did act against the government. For example, pastor Dietrich Bonhoeffer was actively associated
with the group which tried to blow up Hitler in July 1944. None the less, it took until October
1943 for the Old Prussian Union to speak out against what had long been going on.

Document 3.16 Words That Came Too Late
14 The sword is not given to the state to be used for killing beyond that
of the criminal and the enemy in war. Whatever else it does, is done
The churches 61
arbitrarily and to [the state’s] own detriment. If life is taken for any
reasons other than the appointed ones, then the trust between people is
subverted and then the community of the nation is destroyed. Concepts
such as ‘elimination’, ‘liquidation’ and ‘worthless life’ are not known to
God’s order. The annihilation of people, just because they are relatives of
a criminal, old or sick, or because they belong to a different race, is no
leadership of the sword as ordained by the rule of God.
Source: Statement of the Old, Prussian Union, 17 October 1943, quoted in
G.Denzler and V.Fabricus, Christen und Nationalsozialisten, 1993, p. 318

In other words, as far as the Protestant churches were concerned, even if euthanasia and racial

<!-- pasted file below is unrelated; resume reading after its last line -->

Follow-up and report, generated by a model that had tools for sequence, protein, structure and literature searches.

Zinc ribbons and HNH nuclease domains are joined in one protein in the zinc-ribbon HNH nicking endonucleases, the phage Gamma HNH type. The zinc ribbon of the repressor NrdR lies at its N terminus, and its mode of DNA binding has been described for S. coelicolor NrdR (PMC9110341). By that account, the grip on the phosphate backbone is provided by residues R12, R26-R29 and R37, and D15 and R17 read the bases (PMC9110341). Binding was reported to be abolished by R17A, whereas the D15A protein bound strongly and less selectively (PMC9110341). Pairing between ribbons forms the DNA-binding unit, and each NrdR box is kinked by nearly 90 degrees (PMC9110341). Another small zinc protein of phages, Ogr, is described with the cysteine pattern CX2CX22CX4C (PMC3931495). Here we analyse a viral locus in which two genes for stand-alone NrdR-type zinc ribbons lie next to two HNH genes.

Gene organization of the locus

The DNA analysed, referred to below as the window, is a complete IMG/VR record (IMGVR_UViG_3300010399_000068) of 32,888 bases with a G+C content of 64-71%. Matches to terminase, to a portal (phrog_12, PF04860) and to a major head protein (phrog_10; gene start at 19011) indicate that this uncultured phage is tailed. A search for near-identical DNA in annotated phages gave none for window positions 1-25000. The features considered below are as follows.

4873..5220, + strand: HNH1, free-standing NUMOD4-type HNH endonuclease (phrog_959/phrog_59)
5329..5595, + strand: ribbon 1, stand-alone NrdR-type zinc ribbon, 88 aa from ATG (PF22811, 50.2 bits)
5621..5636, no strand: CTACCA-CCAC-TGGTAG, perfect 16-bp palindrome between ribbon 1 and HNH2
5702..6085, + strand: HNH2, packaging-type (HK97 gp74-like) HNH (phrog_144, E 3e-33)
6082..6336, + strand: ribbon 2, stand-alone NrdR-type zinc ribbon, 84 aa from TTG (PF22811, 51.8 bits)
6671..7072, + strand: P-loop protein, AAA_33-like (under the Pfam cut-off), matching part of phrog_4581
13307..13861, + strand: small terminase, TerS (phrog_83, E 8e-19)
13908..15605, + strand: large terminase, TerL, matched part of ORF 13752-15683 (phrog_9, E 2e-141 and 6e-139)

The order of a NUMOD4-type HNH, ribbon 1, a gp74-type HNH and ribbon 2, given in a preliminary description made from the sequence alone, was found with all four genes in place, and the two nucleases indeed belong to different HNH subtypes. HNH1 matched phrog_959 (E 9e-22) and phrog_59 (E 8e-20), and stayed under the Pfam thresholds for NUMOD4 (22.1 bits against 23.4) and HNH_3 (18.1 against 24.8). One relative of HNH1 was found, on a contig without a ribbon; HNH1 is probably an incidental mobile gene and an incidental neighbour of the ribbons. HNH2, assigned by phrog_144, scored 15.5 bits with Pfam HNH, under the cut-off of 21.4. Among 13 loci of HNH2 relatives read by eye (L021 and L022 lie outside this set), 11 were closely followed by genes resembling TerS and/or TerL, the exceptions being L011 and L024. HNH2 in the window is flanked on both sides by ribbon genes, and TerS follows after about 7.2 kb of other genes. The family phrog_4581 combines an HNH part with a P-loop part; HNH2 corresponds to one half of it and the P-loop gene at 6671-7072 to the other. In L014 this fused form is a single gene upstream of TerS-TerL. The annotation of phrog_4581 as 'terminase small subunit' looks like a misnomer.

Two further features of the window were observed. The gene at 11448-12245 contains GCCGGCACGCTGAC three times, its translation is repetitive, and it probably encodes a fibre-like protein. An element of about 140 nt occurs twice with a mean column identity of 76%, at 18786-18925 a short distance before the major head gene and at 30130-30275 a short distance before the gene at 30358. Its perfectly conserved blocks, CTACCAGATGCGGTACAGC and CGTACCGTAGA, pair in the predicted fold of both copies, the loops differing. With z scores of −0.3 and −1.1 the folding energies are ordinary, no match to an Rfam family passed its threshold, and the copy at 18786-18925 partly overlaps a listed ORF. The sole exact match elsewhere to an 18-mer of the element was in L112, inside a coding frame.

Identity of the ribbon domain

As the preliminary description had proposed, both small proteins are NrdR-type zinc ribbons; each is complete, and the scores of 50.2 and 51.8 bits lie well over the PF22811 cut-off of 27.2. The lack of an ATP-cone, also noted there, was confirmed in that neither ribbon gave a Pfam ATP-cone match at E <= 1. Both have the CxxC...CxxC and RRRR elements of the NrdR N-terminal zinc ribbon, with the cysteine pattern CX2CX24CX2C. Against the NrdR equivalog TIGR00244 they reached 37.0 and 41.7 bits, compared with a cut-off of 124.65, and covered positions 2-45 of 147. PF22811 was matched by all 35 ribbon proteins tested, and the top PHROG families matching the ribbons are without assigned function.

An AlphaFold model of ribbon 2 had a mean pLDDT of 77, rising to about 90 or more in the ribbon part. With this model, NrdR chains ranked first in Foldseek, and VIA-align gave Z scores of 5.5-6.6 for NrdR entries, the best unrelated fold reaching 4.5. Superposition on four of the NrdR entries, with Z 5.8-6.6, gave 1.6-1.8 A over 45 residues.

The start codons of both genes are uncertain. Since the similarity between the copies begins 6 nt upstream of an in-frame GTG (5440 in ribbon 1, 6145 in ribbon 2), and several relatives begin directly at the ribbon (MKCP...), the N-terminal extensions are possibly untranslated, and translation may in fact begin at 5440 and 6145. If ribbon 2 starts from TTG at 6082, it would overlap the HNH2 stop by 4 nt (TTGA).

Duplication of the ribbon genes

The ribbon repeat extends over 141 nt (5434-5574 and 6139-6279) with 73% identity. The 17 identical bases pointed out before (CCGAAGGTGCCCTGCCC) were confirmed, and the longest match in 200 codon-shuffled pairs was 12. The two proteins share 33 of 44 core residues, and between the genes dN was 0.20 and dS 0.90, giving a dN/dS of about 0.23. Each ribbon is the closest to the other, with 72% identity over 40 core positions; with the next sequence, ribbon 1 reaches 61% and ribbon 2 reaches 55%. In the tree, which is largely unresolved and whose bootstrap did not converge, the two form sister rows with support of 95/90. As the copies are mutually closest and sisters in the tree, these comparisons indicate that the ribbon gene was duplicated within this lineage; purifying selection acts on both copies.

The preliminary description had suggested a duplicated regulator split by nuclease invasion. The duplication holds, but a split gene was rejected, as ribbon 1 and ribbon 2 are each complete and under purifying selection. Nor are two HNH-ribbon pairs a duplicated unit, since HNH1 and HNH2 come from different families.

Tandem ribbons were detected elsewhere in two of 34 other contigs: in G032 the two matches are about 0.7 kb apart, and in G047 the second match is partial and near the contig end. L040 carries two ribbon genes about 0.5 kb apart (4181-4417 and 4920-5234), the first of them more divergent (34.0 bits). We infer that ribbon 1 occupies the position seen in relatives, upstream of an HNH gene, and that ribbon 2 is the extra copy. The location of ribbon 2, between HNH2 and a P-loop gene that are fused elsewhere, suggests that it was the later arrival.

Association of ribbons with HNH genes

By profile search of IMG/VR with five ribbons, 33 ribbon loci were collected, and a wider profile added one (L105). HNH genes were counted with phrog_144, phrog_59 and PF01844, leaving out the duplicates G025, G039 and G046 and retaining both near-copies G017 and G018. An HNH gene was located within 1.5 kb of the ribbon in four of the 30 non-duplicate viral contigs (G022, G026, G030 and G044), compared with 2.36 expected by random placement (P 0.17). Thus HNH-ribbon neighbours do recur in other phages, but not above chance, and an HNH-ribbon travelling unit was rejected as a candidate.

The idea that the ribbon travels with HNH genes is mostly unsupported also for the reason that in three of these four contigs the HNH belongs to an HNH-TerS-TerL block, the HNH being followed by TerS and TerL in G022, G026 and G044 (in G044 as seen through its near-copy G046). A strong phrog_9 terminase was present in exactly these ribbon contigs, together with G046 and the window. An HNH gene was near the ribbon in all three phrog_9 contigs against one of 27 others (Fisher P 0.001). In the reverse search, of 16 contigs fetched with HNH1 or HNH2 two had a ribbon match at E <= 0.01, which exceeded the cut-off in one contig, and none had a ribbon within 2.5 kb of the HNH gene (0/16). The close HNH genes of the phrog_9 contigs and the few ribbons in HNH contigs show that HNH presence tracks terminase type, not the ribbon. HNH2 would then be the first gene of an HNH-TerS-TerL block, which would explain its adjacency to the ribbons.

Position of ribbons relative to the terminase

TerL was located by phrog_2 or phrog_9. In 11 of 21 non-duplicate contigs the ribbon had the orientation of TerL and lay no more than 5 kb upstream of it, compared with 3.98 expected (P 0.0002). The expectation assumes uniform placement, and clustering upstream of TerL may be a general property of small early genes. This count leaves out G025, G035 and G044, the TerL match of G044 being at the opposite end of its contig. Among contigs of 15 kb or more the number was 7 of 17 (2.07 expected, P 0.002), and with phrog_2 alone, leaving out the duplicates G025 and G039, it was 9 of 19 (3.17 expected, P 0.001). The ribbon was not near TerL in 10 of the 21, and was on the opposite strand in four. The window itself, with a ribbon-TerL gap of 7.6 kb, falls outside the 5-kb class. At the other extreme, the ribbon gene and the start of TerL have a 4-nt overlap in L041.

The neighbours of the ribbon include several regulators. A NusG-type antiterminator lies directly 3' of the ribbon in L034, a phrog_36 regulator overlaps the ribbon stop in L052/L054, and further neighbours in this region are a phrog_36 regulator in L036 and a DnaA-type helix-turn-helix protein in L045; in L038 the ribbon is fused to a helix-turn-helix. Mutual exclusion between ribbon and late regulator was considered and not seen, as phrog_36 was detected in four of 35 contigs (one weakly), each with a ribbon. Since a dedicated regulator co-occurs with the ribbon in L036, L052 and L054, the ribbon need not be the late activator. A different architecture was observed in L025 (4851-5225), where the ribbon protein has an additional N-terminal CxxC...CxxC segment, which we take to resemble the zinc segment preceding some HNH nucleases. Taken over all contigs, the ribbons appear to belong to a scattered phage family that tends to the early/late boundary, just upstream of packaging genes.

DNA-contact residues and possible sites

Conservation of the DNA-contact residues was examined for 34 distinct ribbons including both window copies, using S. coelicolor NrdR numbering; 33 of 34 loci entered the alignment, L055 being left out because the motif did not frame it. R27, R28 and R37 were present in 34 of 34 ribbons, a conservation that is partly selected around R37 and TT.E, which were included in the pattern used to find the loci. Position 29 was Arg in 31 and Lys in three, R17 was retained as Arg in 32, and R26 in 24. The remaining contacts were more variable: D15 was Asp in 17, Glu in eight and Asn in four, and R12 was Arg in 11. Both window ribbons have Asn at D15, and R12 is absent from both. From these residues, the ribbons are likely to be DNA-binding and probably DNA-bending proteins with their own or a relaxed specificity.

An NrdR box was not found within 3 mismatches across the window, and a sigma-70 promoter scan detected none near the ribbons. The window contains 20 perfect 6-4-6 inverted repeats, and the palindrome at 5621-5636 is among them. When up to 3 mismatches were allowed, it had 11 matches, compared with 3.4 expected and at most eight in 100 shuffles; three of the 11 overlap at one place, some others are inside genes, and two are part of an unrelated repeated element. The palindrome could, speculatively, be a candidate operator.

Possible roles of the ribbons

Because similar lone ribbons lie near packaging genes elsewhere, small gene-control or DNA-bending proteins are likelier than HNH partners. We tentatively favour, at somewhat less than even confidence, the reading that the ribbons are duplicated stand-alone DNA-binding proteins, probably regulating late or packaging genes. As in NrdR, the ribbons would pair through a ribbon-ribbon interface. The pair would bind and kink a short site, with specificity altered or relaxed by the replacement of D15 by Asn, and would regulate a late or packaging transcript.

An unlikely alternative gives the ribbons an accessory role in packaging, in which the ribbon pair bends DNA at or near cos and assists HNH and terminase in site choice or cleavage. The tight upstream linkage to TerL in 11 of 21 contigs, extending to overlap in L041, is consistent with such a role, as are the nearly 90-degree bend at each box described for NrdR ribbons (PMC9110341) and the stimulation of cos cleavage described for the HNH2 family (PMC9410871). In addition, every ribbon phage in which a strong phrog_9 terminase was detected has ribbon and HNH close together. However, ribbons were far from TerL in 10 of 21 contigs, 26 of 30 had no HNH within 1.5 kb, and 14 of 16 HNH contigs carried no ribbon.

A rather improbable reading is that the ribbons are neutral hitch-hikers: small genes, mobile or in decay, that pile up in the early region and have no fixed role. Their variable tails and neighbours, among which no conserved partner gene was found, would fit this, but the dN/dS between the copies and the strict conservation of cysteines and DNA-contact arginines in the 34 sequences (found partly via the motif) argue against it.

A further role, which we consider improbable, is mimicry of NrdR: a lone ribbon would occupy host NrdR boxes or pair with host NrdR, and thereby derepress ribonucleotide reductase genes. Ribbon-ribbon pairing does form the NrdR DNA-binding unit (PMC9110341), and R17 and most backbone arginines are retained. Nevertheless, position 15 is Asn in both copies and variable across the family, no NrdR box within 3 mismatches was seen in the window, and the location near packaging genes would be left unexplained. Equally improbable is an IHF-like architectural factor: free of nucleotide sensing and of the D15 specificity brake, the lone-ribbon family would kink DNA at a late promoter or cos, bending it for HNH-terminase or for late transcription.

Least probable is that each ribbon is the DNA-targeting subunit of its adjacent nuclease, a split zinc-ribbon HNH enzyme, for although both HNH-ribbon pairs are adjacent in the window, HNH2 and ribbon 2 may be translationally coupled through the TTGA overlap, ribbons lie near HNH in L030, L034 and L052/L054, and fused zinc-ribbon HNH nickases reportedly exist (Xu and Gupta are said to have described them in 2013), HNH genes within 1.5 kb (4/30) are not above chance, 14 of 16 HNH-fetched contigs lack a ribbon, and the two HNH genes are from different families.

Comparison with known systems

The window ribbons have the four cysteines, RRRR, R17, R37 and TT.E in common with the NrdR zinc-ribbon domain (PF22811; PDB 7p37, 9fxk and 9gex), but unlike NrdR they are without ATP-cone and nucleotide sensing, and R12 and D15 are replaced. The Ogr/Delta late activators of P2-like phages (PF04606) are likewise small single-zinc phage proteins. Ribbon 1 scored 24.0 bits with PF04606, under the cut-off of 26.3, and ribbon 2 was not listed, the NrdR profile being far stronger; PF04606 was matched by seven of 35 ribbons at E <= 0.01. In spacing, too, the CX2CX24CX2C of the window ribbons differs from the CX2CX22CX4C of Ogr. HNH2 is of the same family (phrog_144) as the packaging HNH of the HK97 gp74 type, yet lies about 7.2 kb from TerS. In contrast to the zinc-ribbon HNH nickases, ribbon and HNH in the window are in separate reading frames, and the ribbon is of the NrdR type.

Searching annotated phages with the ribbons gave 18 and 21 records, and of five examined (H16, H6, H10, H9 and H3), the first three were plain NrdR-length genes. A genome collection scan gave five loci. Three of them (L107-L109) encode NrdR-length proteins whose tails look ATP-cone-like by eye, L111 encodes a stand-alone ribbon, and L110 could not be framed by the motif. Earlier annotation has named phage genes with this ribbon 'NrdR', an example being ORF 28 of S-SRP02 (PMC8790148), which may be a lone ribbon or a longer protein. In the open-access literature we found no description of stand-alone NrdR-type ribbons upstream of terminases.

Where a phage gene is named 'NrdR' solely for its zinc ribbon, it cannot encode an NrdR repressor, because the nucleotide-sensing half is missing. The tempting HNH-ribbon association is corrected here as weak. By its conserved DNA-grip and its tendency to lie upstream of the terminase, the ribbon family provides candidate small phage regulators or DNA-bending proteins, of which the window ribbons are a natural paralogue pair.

extermination were beyond the pale, capital punishment and killing at war were perfectly
acceptable morally—even when on behalf of Hitler’s ideology.
This depressing sidestep of clear thinking highlights the fact that while both churches
did try to assert themselves in some ways and to some extent over different issues during
the Second World War, it is still hard to identify a coherent Christian force likely to threaten
the very life of the regime. Dissent and dissatisfaction could even be undermined by an
acceptance of other characteristics of the Third Reich which should have been deplored. For
example, the Protestant churches never condemned the war (Denzler and Fabricus, 1993,
p. 189). At its start, pastor Klinger, an elected representative of 16,000 other pastors,
declared that ‘Greater Germany ’ was calling everyone to serve on the battlefield and that
God would bless them to ‘battle for our German Volk and Fatherland’ (Denzler and Fabricus,
1993, p. 191). Catholic leaders also failed to denounce either the invasion of Poland or the
atrocious methods used during the campaign. In fact one researcher found that for the